Okay, I feel stupid asking this- I took my rear end and driveshaft apart to rebuild on my '17 Runabout- finished and am now re-assembling all of it. Got it all back together and the only way I can get my brake rods to correctly actuate is to hang the rods upside down (below the radius rods) now in the heck can that be? My I have a 1920 rear end (lower filler hole) but should that matter? Feeling very stupid and perplexed.
James, do you have the cam levers pointing up? They can easily be let drop into the down position, giving you the problem you have.
hope this helps.
Allan from down under
Yes, when cams are up: hand-brake pulled back cams horizontal, when brake is pushed fully forward- cams vertical. Totally baffles me...never had a T do this before. Nor can remember if this is how it was when I popped it all apart...never had brake rod issues before.
Allan- if I re-attach brake rods under the radius rods (cams pointing down) all is fine and it functions as it should. Wonder if the car was modified for this- I don't have any rod supports either...gone.
James, The brake rods on my '16 have a double "kink" that allows them to fit over the top of the radius rods, do yours have that configuration or could you have the brake rod in backwards?
James, did you assemble the cams on the wrong sides?
My brake rods have a raised section yes and they do raise above the radius rods- but that doesn't matter with the cams nor get in the way.
Stephen- I didn't take apart the cams- they are still stock Ford riveted together since when they were built- never touched.
James, Stephen has a point. If you have the wheels off, check that the cams are level and the lever is leaning back at the top. In this situation, when the handbrake lever is pulled on, the cam lever is pulled forward.
If they are installed on the incorrect side, the orientation of the cam leavers will be forward. If the rods are connected, then the handbrake lever will be in the pulled back position.
You may be right when you suggest that they were installed with the levers pointing down. I need to do this on my shooting brake. With the Ford rods connected as usual over the radius rod, they get in the way of the rods on my Bennett accessory brakes, so I have not fitted them. Whenever I have the wheels off, I will swap the cams from one side to the other, so I can have the Ford rods go under the radius rod.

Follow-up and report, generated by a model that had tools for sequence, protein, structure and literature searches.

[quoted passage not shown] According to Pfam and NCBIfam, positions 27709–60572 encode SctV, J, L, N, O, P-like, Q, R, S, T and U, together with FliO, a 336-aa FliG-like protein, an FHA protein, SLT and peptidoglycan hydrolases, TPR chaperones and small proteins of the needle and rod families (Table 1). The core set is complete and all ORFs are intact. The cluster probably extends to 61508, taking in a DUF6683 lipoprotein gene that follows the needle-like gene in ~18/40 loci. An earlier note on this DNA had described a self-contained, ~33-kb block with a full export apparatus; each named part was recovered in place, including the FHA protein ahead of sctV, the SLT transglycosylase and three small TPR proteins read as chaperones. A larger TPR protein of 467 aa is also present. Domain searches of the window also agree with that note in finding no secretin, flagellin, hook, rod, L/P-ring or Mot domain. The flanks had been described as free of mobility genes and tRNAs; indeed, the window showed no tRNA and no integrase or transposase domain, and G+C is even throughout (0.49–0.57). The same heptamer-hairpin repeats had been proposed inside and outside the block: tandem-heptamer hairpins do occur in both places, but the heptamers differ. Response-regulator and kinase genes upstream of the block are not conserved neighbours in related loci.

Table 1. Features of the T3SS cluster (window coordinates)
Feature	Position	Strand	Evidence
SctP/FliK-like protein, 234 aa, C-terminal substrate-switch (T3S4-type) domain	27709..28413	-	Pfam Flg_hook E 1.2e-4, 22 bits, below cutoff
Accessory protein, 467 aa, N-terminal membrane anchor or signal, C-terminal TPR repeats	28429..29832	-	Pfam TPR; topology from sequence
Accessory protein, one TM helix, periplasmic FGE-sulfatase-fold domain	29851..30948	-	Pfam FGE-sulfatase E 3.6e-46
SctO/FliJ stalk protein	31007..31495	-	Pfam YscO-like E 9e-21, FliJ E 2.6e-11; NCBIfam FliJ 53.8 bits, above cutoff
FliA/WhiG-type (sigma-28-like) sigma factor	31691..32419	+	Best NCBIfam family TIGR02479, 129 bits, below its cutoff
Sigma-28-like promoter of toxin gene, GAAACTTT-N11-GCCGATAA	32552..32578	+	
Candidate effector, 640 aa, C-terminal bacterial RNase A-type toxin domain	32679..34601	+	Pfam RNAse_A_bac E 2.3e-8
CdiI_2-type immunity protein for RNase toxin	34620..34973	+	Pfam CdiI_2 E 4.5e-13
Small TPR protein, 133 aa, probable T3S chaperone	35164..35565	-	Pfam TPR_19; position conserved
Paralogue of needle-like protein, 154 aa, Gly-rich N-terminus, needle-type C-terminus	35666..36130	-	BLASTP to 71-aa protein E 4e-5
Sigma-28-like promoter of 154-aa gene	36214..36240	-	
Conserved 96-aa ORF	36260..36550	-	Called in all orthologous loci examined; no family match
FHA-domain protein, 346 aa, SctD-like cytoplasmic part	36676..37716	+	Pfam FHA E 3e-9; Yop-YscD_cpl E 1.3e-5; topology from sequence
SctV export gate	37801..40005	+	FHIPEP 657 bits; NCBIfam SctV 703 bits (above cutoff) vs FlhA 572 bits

This may sound silly, and embarrassing if it is so, but is the drain plug still on the right side of the diff? I believe it is possible to turn the two diff halves upside down, and still assemble the innards so the car will drive forward as usual. But the drain plug will be high on the left side of the car!
Hope this helps.
Allan from down under.
James, delete that last paragraph. I wrote that while trying to get my footy team over the line on TV. That didn't work either! While the assembly can be put together up side down, that would put the spring perches at the bottom. Sometimes I should try to be less helpful.
Allan from down under
Is the rear axle installed upside down? Which side is the oil filler plug on?
put your shoes and springs in and the wheels on, even if you don't tighten up the axle nuts yet. In that position, the lever on the wheel should be back of straight up. When you push the wheel lever all the way back as far as it will go and the parking brake lever as far front as it will go, the rods should go right on. The clevis pins should go in without forcing anything. Then when you pull back on the parking brake lever, the brakes should lock with the wheel lever near the straight up position. If that is not the case, your rods might be too long and need an adjustment or even cut and threaded to tighten more. Note, before you cut and thread, be sure you need it. That is a step which cannot be reversed!
If you have the Model T Ford service manual look on page 155 starting with paragraph 631. There are some close up pictures showing the rear axle and location of the brake rods, levers and etc.